AbstractMotivationAlternative splicing is an important mechanism to generate transcriptomic and phenotypic diversity. Existing methods have limited power to detect orthologous isoforms.ResultsWe develop a new method, EGIO, to detect orthologous exons and orthologous isoforms from two species. EGIO uses unique exonic regions to construct exon groups, in which process dynamic programming strategy is used to do exon alignment. EGIO could cover all the coding exons within orthologous genes. A comparison between EGIO and ExTraMapper shows that EGIO could detect more orthologous isoforms with conserved sequence and exon structures. We apply EGIO to compare human and chimpanzee protein-coding isoforms expressed in the frontal cortex and identify 6912 genes that express human unique isoforms. Unexpectedly, more human unique isoforms are detected than those conserved between humans and chimpanzees.AvailabilitySource code and test data of EGIO are available at https://github.com/wu-lab-egio/EGIO.Supplementary informationSupplementary data are available at Bioinformatics online.
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massDatabase: utilities for the operation of the public compound and pathway database

Tue, 09/08/2022 - 5:30am
AbstractSummaryOne of the major challenges in LC-MS data is converting many metabolic feature entries to biological function information, such as metabolite annotation and pathway enrichment, which are based on the compound and pathway databases. Multiple online databases have been developed. However, no tool has been developed for operating all these databases for biological analysis. Therefore, we developed massDatabase, an R package that operates the online public databases and combines with other tools for streamlined compound annotation and pathway enrichment. massDatabase is a flexible, simple, and powerful tool that can be installed on all platforms, allowing the users to leverage all the online public databases for biological function mining. A detailed tutorial and a case study are provided in the Supplementary MaterialsSupplementary Materials.Availability and implementationhttps://massdatabase.tidymass.org/.Supplementary informationSupplementary dataSupplementary data are available at Bioinformatics online.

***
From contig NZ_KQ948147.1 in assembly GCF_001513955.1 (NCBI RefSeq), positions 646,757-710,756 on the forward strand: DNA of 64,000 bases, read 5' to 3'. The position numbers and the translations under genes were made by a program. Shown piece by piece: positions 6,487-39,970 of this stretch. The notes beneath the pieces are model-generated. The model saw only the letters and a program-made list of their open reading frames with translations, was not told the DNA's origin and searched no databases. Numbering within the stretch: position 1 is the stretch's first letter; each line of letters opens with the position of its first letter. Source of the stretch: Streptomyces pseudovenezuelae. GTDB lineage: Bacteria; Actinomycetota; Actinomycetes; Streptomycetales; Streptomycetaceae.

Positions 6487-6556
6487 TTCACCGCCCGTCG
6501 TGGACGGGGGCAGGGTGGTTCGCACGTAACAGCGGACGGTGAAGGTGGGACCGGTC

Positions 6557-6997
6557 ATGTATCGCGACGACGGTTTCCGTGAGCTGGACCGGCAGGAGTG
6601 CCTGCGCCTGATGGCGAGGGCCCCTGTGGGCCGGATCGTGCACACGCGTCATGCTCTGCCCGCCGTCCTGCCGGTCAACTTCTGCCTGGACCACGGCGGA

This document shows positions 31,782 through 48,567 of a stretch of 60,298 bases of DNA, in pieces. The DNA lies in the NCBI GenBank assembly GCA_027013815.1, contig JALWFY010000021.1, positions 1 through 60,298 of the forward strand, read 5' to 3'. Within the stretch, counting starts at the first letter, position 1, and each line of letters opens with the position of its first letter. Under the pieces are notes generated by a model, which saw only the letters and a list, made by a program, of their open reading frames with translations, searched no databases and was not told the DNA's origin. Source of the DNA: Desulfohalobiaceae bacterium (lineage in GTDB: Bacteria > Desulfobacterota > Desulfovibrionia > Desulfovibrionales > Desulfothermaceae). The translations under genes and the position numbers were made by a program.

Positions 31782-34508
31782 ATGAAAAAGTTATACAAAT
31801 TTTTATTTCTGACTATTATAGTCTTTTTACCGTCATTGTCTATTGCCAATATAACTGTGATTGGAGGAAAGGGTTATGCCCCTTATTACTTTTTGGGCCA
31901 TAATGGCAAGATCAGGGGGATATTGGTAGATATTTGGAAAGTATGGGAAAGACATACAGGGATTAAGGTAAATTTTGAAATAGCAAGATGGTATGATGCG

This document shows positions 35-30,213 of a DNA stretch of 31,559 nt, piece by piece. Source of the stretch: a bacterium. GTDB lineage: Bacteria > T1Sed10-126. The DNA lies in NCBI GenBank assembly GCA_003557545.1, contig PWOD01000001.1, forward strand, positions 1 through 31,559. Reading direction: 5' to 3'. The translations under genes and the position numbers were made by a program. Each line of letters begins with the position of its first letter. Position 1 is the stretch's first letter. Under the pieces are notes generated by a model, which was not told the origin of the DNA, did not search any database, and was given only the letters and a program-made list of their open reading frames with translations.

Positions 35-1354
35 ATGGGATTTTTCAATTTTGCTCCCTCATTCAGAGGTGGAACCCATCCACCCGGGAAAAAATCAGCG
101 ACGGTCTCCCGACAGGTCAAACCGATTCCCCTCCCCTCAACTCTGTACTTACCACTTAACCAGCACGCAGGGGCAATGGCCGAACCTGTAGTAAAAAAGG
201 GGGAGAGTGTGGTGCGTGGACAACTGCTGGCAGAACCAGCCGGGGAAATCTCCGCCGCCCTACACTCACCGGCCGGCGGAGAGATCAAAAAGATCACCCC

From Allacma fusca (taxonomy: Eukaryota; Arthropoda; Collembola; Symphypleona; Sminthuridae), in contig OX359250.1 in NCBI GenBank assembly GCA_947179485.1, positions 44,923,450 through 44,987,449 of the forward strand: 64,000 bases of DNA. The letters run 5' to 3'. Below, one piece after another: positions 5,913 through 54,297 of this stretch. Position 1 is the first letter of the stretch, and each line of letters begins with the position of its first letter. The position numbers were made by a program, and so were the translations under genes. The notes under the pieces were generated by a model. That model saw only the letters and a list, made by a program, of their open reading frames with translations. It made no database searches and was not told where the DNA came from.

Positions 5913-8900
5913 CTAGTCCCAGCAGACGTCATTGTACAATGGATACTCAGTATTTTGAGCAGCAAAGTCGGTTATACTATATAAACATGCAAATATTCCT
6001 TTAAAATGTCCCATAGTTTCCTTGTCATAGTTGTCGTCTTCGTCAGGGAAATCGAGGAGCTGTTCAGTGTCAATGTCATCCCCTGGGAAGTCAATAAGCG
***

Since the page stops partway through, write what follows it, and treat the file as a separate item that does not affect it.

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MICER: A Pre-trained Encoder-Decoder Architecture for Molecular Image Captioning

Fri, 05/08/2022 - 5:30am
AbstractMotivationAutomatic recognition of chemical structures from molecular images provides an important avenue for the rediscovery of chemicals. Traditional rule-based approaches that rely on expert knowledge and fail to consider all the stylistic variations of molecular images usually suffer from cumbersome recognition processes and low generalization ability. Deep learning-based methods that integrate different image styles and automatically learn valuable features are flexible, but currently under-researched and have limitations, and are therefore not fully exploited.ResultsMICER, an encoder-decoder-based, reconstructed architecture for molecular image captioning, combines transfer learning, attention mechanisms, and several strategies to strengthen effectiveness and plasticity in different datasets. The effects of stereochemical information, molecular complexity, data volume, and pre-trained encoders on MICER performance were evaluated. Experimental results show that the intrinsic features of the molecular images and the sub-model match have a significant impact on the performance of this task. These findings inspire us to design the training dataset and the encoder for the final validation model, and the experimental results suggest that the MICER model consistently outperforms the state-of-the-art methods on four datasets. MICER was more reliable and scalable due to its interpretability and transfer capacity and provides a practical framework for developing comprehensive and accurate automated molecular structure identification tools to explore unknown chemical space.Availabilityhttps://github.com/Jiacai-Yi/MICERSupplementary informationSupplementary dataSupplementary data are available at Bioinformatics online.
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September 2022